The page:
This result needs further detailed investigation because our method of constructing initial conditions ensures that differing initial conditions have the same initial condition spread. There are many options used in data assimilation to produce such initial conditions, and often they use the prediction model in a fundamental way to interpolate sparse observational data to the model grid. This ensures that the flow instability of the initial state will likely have some role in setting initial errors. Nevertheless, despite this caveat we find that after a prediction of 5–10 days, during which such instabilities may be expected to strongly influence ensemble spread, that the importance of signal relative to dispersion is actually somewhat increased.

A limitation of the present study is the neglect of convective processes. Apart from the computational overhead involved with the inclusion of these effects, there is often a serious problem of model verisimilitude. It is well known, for example, that models often have difficulty in simulating both the amplitude and period of low-frequency large-scale variations in convection, such as the Madden–Julian oscillation (MJO; see Lin et al. 2006). This may be due to the lack of horizontal resolution of the turbulence because cloud-resolving models often (and not surprisingly) appear to simulate aspects of convection better (see, e.g., Ziemiaski et al. 2005). The precise manner in which the conclusions presented here are modified by the consideration of convection is likely to depend on details of the convective “turbulent cascade,” and so in the view of this author they will need to be studied in a number of models with very different convection parameterizations. One can easily imagine that if a model has too much variability at very high frequencies and high wavenumbers (convective “noise”), and too little associated with low-frequency and large-scale coherent structures, then estimates of predictability may be unduly pessimistic.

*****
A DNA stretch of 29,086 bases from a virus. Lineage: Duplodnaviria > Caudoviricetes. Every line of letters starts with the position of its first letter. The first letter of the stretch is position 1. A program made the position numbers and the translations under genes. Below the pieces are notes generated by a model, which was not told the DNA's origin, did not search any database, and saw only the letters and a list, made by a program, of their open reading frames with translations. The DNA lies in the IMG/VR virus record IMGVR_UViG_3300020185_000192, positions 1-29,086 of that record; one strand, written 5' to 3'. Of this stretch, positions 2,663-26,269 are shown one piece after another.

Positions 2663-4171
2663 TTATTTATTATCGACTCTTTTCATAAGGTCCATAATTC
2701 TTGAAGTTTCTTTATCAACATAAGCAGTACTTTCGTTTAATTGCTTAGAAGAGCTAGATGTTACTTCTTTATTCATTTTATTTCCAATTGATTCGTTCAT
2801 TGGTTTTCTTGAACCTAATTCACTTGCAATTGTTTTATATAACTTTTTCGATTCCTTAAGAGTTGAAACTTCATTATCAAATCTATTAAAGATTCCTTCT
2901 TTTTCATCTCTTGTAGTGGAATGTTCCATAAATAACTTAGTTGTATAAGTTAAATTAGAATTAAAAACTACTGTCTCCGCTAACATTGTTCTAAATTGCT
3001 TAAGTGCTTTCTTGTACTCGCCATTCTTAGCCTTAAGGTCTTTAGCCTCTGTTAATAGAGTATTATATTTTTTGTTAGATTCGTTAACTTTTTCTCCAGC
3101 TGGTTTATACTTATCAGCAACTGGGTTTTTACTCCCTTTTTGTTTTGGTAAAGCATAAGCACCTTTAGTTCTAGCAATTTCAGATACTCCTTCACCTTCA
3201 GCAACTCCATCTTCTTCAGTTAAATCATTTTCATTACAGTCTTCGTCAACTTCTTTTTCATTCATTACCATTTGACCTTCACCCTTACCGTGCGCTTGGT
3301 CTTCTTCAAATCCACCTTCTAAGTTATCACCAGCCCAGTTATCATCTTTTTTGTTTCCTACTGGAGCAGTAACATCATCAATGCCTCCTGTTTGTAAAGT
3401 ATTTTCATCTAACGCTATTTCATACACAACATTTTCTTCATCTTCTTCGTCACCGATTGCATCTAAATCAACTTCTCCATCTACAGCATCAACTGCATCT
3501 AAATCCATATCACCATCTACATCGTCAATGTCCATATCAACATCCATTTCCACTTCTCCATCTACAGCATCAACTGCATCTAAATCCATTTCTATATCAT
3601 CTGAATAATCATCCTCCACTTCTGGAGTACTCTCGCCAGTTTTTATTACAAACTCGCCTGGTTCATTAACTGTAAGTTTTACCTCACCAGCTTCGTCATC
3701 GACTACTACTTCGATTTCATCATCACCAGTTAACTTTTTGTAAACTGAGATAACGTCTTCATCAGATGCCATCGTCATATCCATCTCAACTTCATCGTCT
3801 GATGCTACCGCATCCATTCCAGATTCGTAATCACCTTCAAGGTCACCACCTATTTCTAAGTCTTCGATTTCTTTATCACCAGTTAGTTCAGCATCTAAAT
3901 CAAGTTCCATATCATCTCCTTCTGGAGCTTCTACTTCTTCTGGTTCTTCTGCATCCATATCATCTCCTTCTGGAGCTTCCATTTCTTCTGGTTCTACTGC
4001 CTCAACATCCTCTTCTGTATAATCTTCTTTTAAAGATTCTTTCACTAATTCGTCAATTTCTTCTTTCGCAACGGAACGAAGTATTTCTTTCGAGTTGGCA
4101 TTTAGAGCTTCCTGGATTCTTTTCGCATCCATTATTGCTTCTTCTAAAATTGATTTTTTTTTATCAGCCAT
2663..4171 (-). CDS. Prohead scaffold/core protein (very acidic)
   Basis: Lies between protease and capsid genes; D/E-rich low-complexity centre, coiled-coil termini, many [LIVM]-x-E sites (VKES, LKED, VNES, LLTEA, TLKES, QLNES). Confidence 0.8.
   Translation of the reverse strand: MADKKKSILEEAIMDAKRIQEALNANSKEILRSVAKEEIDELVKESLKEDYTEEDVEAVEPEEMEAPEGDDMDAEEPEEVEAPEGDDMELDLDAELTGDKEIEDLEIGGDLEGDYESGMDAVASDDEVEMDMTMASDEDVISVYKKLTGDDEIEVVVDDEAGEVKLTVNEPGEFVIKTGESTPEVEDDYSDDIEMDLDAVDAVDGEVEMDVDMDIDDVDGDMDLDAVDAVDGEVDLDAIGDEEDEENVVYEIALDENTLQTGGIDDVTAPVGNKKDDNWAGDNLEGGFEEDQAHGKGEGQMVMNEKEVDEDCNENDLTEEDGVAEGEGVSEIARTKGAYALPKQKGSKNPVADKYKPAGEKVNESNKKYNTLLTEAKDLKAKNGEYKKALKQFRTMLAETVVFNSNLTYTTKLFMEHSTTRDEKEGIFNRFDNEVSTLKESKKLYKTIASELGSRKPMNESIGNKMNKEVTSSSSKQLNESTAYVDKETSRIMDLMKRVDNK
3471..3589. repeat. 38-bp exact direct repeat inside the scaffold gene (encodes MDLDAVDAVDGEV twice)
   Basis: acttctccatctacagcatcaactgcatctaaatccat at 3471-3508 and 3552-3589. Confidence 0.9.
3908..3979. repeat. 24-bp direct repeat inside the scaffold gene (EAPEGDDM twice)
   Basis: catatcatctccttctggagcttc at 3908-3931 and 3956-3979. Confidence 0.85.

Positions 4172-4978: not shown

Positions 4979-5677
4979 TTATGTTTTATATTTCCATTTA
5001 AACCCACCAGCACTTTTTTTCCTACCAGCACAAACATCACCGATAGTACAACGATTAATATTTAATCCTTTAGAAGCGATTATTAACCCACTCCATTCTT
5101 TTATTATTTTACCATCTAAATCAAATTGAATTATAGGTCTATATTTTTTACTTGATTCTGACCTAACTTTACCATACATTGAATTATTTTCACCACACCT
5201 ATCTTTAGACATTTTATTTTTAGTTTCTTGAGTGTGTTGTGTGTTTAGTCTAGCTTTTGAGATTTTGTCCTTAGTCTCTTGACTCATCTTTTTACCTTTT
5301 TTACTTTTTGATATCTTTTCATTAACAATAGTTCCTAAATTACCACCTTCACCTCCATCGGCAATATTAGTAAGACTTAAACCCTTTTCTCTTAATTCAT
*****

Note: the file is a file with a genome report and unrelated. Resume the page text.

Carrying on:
## Acknowledgments

The author wishes to thank Tim DelSole, Adam Monahan, Brian Farrell, and Illya Timofeyev for stimulating and useful discussions when this work was presented at several seminars and workshops. This work was supported by NSF Grants CMG 0417728 and ATM 0430889.

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## APPENDIX A

### Initial Condition Distribution

*x*have the distributionwhere the

_{i}*μ*are the means of the corresponding prognostic variables, which have a covariance matrix